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ARC FLASH PROTECTION PREVENTION IS THE BEST ARC FLASH DANGERS


Electrical equipment is designed to remain safe whilst energised and during normal operational tasks that are within its intended ratings and functionality; however arc flash is a universally recognised risk and presents the following dangers to personnel…


• Severe burning to skin and flesh • Permanent or temporary visual impairment


• Permanent or temporary hearing impairment


• Physical injury from the explosion and ejection of equipment components and molten metal


• Death often resulting from burning via shock, organ failure or secondary infection


The consequences of an Arc Flash extend beyond its dangers to personnel and may also include extensive equipment, financial and business damage.


ARC FLASH CAUSES


The potential causes of Arc Flash fall into the following three groups…


• Live-working (intentional or inadvertent) - work at a location that, at any moment during the work, places personnel in a location that does not have a mechanically fixed barrier to prevent the contact of personnel or their tools to a conductor that is energised or not correctly isolated


• Equipment failure - caused by errors in manufacture, design, specification, installation, maintenance, asset management and operational error


• Human error – an accidental action, an incorrect intended / instructed action or a deliberate short-cut


RISK ASSESSMENT AND REDUCTION


The Arc Flash risk can be assessed using methods common to all types of risk


and involving the consideration of both the likelihood and the potential dangers. Investment in the prevention of the causes of Arc Flash should be prioritised. Prevention provides protection against all possible arc flash consequences. Live working should not be performed unless it can be proven that it is unreasonable to perform the task ‘dead’, and it is reasonable to perform the task ‘live’ and suitable precautions are taken to prevent injury.


HIGH RISK TASKS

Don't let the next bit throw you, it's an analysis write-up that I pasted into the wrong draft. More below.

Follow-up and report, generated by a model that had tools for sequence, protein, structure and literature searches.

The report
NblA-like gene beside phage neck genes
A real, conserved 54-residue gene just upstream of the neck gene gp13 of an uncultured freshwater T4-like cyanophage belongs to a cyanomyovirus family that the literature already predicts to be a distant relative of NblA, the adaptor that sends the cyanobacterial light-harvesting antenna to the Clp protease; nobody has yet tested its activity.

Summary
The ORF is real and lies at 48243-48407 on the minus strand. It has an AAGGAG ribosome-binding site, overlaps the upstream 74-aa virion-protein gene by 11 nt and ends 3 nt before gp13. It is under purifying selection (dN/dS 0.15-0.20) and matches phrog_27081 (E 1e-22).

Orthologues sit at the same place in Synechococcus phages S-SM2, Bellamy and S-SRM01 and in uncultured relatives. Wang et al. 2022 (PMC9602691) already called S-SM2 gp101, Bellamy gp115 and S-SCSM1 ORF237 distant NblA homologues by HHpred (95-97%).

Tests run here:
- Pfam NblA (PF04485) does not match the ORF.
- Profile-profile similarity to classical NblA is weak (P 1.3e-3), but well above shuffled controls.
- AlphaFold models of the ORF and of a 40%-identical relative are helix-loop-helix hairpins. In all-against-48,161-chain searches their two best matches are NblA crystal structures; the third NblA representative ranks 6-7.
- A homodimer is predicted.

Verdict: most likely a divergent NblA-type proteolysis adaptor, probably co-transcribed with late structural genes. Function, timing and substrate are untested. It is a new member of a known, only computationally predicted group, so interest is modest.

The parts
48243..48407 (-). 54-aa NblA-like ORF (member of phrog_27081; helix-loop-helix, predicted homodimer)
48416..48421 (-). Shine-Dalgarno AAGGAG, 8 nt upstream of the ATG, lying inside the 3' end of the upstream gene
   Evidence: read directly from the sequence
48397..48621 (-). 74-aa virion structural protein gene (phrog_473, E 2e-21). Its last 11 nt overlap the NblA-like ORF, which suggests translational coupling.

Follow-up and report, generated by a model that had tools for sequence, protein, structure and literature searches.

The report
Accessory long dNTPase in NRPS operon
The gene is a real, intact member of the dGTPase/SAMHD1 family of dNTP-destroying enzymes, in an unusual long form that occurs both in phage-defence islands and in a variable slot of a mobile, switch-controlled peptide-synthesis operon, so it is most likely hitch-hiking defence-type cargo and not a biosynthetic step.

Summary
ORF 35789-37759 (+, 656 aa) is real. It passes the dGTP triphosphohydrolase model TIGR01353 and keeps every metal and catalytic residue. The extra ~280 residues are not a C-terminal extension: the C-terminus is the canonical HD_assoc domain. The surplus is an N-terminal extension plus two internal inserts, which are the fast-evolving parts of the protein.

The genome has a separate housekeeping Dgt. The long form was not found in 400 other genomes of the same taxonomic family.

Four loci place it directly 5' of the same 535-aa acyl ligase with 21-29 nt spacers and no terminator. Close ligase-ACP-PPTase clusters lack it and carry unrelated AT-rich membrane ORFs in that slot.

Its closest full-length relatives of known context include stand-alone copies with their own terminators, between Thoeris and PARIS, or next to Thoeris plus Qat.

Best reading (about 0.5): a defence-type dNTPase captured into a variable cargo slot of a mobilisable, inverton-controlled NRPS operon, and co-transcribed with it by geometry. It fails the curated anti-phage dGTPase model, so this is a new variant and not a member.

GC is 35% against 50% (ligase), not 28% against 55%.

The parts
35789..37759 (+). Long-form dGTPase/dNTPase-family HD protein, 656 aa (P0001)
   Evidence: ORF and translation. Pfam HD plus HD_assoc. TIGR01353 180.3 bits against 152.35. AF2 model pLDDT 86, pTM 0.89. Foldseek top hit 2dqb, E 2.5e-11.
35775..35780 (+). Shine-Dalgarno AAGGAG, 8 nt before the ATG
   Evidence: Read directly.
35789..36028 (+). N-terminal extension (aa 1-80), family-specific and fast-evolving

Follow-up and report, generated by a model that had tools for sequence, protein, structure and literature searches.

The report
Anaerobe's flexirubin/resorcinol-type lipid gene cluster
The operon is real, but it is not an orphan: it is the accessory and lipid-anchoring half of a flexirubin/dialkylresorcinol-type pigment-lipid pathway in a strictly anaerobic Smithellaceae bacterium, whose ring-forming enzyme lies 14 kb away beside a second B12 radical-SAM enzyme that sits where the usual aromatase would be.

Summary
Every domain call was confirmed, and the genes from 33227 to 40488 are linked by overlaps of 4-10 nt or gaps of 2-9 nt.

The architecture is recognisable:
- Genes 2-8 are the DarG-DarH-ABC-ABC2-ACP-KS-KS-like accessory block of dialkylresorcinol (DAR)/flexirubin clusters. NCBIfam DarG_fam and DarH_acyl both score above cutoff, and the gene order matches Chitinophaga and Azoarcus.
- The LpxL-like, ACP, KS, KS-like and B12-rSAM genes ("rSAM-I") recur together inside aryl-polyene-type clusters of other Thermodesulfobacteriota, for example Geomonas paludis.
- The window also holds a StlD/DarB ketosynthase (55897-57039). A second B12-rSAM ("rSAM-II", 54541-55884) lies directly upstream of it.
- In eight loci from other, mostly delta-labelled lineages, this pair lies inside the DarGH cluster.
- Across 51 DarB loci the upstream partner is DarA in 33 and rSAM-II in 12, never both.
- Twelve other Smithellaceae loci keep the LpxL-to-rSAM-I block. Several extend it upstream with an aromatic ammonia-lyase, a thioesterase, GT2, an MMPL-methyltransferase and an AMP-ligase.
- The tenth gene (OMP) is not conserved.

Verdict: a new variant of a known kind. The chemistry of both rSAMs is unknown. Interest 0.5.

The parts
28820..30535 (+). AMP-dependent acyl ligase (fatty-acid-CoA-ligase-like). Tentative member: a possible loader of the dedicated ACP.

The following tasks may carry a high risk of Arc Flash through inadvertent live- working and are commonly performed as part of a larger task…


• Proving a circuit dead • Applying or removing temporary earths on phase conductors


• Performing voltage measurements with a temporary portable voltage meter


• Removal of bolted or hinged equipment doors or covers


COMMON TASKS


The following common tasks are particularly susceptible to Arc Flash resulting from equipment failure and human error and can sometimes be easily avoided…


• Removal or insertion of fuses into a circuit


• Removal or insertion of a circuit breaker, switch, earth, or voltage transformer (also referred as withdrawing or racking)


• Operation of manually operated and powered switches


• Operation of switches with a limited or no short-circuit design capability


CONTROL SOLUTIONS


When mitigation of the potential dangers to personnel is required then solutions should be considered against the following controls listed in order of certainty and significance…


• Increase in the distance between personnel and the location of Arc Flash risk


• Reduction in the duration of the Arc Flash


• Equipment Arc Flash containment tested to a recognised IEC or IEEE standard


• Increase in short circuit impedance (whist maintaining or reducing Arc Flash duration)


• Personal protective equipment (tested to a recognised IEC standard and proven suitable)


TNEI


POSSIBLE PROTECTION An Arc Flash can be defined as an uncontrolled electrical arcing fault through air


www.windenergynetwork.co.uk


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